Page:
After all that, I rarely wore my wig - and when I did it was almost always to make other people feel comfortable. I had chemo over winter so toques or ball caps didn't seem out of place. Around the house I wore nothing but my shiny dome..
I did purchase a few hats from a site called https://www.headcovers.com/ - they are specifically designed to cover more area so less of the bald head is showing.  I found that the sensitive scalp was an issue on a cotton pillow case so I used a super soft cotton cap - think bamboo or the kind that baby's hats are made of. I got one from my Look Good Feel Better program ( https://lgfb.ca/en/ ) .
One thing I have learned anecdotally from talking to many women who have gone through this, is that generally hair will grow back more evenly etc if it is shaved. Those that tried to hold on to some of it that didn't fall out, had patchy spots and the hair didn't grow in evenly. This is not scientific by any means, but definitely seems to be common..

I have heard of people having shaving parties, doing it on their own, going to a hairdresser - everyone will have their own way to cope and get through it. Though it is not for everybody, I am glad I have the pictures to look back on now. My hair definitely came back very different than it was before but it has given me a chance to try all kinds of styles and colours and I really do now think "It's just hair".  That was a much harder thought though when it left me.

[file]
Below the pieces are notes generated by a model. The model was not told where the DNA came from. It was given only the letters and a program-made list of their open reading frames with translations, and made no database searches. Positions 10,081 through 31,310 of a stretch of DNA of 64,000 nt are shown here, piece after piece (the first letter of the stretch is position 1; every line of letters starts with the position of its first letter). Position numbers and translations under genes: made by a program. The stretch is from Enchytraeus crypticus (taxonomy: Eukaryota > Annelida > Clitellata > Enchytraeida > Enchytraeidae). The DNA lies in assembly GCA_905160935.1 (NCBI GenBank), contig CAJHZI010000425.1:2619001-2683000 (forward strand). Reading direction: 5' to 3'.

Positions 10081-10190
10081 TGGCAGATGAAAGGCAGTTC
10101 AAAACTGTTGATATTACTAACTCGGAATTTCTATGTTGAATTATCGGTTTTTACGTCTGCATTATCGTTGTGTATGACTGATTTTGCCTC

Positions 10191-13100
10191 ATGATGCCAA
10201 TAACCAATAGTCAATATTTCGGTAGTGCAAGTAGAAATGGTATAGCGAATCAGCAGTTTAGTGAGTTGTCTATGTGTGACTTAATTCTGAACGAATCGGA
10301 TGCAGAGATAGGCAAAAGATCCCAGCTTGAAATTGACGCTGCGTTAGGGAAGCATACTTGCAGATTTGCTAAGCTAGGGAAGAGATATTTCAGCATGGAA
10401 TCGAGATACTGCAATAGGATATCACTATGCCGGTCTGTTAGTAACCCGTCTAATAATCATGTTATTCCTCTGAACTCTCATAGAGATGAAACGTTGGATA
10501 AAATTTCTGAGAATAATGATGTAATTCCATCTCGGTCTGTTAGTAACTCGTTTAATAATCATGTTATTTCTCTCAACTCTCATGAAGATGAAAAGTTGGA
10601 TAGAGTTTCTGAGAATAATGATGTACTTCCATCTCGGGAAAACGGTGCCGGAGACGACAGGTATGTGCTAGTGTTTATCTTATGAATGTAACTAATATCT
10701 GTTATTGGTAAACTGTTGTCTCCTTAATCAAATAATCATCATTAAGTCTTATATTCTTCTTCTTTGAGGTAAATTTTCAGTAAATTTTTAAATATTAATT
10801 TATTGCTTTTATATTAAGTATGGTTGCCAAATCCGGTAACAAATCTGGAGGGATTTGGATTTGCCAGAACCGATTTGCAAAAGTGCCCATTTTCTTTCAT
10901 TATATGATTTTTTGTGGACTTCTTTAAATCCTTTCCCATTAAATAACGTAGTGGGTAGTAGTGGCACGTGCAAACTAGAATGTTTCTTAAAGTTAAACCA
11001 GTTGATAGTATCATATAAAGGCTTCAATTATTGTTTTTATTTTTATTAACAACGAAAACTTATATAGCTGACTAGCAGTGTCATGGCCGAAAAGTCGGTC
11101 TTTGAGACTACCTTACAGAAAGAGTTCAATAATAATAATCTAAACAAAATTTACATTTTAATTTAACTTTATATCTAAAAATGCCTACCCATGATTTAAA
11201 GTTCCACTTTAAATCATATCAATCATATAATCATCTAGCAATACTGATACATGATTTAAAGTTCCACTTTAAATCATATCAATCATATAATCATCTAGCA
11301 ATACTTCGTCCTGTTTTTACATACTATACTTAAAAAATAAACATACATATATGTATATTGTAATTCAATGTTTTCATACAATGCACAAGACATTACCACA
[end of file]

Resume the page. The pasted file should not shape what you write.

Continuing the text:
Another thing to note as you may have heard and or experienced - the other hair on your body will come out as well - legs, arms, underarms, eyelashes, brows and yes even there ;)  I even noticed my nose hairs were gone and found out they have a very important filtering job to do. It does make for quick showers and I did manage with a brow powder and eyeliner.